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Supply Glut Continues to Weigh on Copper


Copper could continue to be the worst performing base metal.

Copper could be set to underperform its base metal counterparts in the medium term, with supply issues expected to continue weighing on prices into 2014 and beyond, say some analysts.

Copper for December delivery ended Wednesday's trading session at $3.24 per pound on the Comex division of the New York Mercantile Exchange, representing a 1.8% drop, and remained flat on Thursday. So far this year, copper has posted a decline of around 13%.

Peter Ghilchik, manager, multi-commodity with CRU International in London, says he expects copper to continue to be the worst performing base metal, in terms of price, over the medium term.

"Low copper price is based on the market turning to persistent supply surpluses. Although we forecast the 2013 market surplus to narrow in 2014, we expect this oversupply to widen again in 2015 and beyond," he explains.

In the last quarter, according to a recent CRU Copper Market Outlook, copper prices have been battered by market shocks related to the US Federal Reserve and its possible tapering of its bond-buying program, and weak Chinese data releases. The metal moved to a near three-year low of $6,676 per ton on June 24 for London Metal Exchange (LME) three-month copper.

"On top of this confirmed downward shift in the price, CRU now sees a wider market surplus in 2013 as a result of reductions to our consumption projections and a larger drawdown of Chinese-bonded stocks in Q2 than previously expected," says CRU. The group has lowered its 2013 price outlook to average $7,361 per ton for LME three-month copper, a slight lift from current prices, which are just over $7,100 per ton.

Indeed, analysts across the board seem to be expecting similar outcomes. Earlier this year, the HSBC Global Equity Metals & Mining team and other commodities analysts lowered their copper price forecasts by 9% for this year and 3% for next, expecting copper prices to average USD $7,250 per ton in 2013.

Similarly, according to the Wall Street Journal, Barclays analysts also recently noted that they are expecting copper prices to fall below $6,000 per ton by the end of 2014.

The bank is expecting a 387,000 ton surplus in the copper market next year -- representing the largest surplus since 2009 -- as a result of stronger mine supply.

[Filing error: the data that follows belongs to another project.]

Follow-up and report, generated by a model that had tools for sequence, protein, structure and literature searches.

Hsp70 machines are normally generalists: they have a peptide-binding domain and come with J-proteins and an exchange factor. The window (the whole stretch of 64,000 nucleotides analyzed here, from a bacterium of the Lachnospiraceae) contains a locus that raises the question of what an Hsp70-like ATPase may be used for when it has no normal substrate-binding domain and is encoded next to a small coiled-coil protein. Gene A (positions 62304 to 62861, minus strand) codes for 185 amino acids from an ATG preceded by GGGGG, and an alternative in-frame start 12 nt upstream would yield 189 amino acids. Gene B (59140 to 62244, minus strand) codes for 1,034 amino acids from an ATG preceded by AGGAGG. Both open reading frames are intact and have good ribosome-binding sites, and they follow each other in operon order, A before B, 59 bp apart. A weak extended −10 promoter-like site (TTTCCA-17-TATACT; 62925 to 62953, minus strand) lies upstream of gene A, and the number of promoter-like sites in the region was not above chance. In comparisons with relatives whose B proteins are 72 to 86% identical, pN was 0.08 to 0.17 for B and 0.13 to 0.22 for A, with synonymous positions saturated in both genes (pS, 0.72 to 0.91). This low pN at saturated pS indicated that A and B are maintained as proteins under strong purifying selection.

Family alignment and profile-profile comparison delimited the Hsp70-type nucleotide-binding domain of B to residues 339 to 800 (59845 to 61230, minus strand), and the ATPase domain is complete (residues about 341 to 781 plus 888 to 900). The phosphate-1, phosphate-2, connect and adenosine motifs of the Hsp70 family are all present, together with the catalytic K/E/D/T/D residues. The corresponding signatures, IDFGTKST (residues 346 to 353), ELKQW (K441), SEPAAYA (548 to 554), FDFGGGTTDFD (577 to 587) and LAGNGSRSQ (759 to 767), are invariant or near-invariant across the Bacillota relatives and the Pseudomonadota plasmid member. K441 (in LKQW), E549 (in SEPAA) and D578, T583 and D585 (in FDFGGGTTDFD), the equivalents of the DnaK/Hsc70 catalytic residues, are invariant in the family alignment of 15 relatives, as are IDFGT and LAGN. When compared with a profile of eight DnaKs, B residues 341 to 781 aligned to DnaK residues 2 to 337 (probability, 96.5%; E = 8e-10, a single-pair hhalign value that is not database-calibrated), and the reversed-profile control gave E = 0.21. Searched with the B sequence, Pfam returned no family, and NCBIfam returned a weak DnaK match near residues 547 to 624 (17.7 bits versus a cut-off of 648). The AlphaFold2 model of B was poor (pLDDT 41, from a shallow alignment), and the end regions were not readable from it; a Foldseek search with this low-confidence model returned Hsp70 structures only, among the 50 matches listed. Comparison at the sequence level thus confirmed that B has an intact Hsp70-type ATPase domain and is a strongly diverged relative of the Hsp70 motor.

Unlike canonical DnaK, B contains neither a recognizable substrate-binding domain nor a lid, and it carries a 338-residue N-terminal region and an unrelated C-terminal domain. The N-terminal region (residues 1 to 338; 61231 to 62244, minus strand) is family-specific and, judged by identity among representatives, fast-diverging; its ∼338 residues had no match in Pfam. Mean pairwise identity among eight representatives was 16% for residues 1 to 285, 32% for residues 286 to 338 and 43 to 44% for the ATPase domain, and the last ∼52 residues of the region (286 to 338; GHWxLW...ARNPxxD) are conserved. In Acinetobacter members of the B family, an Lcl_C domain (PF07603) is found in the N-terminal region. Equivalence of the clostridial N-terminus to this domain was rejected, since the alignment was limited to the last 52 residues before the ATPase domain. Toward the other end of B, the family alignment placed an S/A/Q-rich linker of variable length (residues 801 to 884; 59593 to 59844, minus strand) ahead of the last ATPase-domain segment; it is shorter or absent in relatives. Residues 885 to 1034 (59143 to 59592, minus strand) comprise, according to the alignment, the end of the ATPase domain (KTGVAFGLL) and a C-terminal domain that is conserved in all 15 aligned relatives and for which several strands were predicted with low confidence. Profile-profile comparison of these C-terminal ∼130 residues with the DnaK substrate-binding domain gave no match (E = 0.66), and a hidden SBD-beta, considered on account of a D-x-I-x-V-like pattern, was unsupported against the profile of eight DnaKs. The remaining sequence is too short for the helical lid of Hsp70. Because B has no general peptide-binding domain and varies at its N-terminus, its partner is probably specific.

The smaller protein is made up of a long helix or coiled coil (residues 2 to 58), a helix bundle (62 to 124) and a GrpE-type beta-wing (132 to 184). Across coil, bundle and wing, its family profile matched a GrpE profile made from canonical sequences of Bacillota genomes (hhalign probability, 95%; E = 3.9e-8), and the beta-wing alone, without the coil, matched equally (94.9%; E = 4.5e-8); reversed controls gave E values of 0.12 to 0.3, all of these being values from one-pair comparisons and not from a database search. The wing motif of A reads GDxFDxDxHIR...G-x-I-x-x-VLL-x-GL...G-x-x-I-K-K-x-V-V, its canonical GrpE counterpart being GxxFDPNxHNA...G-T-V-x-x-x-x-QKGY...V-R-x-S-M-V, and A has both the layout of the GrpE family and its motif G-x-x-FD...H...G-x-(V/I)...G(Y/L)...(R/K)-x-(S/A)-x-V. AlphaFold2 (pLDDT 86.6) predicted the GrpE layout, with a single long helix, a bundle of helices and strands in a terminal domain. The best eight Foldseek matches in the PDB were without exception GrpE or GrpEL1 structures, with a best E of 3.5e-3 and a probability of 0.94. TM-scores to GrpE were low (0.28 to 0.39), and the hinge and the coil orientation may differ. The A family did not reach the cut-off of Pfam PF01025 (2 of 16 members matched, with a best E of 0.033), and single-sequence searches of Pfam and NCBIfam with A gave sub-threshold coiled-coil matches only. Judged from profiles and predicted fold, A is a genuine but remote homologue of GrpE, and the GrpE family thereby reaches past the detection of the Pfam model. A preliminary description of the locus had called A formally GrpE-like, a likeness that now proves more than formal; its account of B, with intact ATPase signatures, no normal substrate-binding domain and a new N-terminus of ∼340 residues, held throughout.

This, according to Barclays, could mean that "the potential downside for copper prices is bigger than for any other metal and that prices could start to eat into the top end of the cost curve in 2014."

Copper stocks have also not had an easy year so far, with Freeport McMoRan Copper & Gold (NYSE:FCX) down 8% year-to-date, while Southern Copper Corp. (NYSE:SCCO) shares have shed more than 26% so far in 2013.

The Economist Intelligence Unit said last month that it is forecasting copper prices will move "sideways to higher" in Q3, but expects "a more concerted recovery" in the fourth quarter, with an expected pickup in demand.

"A recovery in global demand will carry this momentum into 2014, although the exodus of investment money from the markets now that the end of the Fed's ultra-low interest rate policy is being priced into the market means that price increases will be modest," says the EIU.

Over the medium term, Ghilchik says his firm's copper team is expecting to see supply growth of 3.8% next year, accelerating to 6% in 2015, with refined copper production climbing as new projects come onstream.

For 2014, according to his group's outlook, reduced momentum caused by the substantial downward shift in prices this year is expected to result in a "subdued period" with prices continuing in the range of $7,000 per ton to $7,300 per ton.

Prices will be restrained, says CRU, by both a slowdown in China and nervousness surrounding proposed LME changes to warehousing regulations.

Twitter: @helenbnichols
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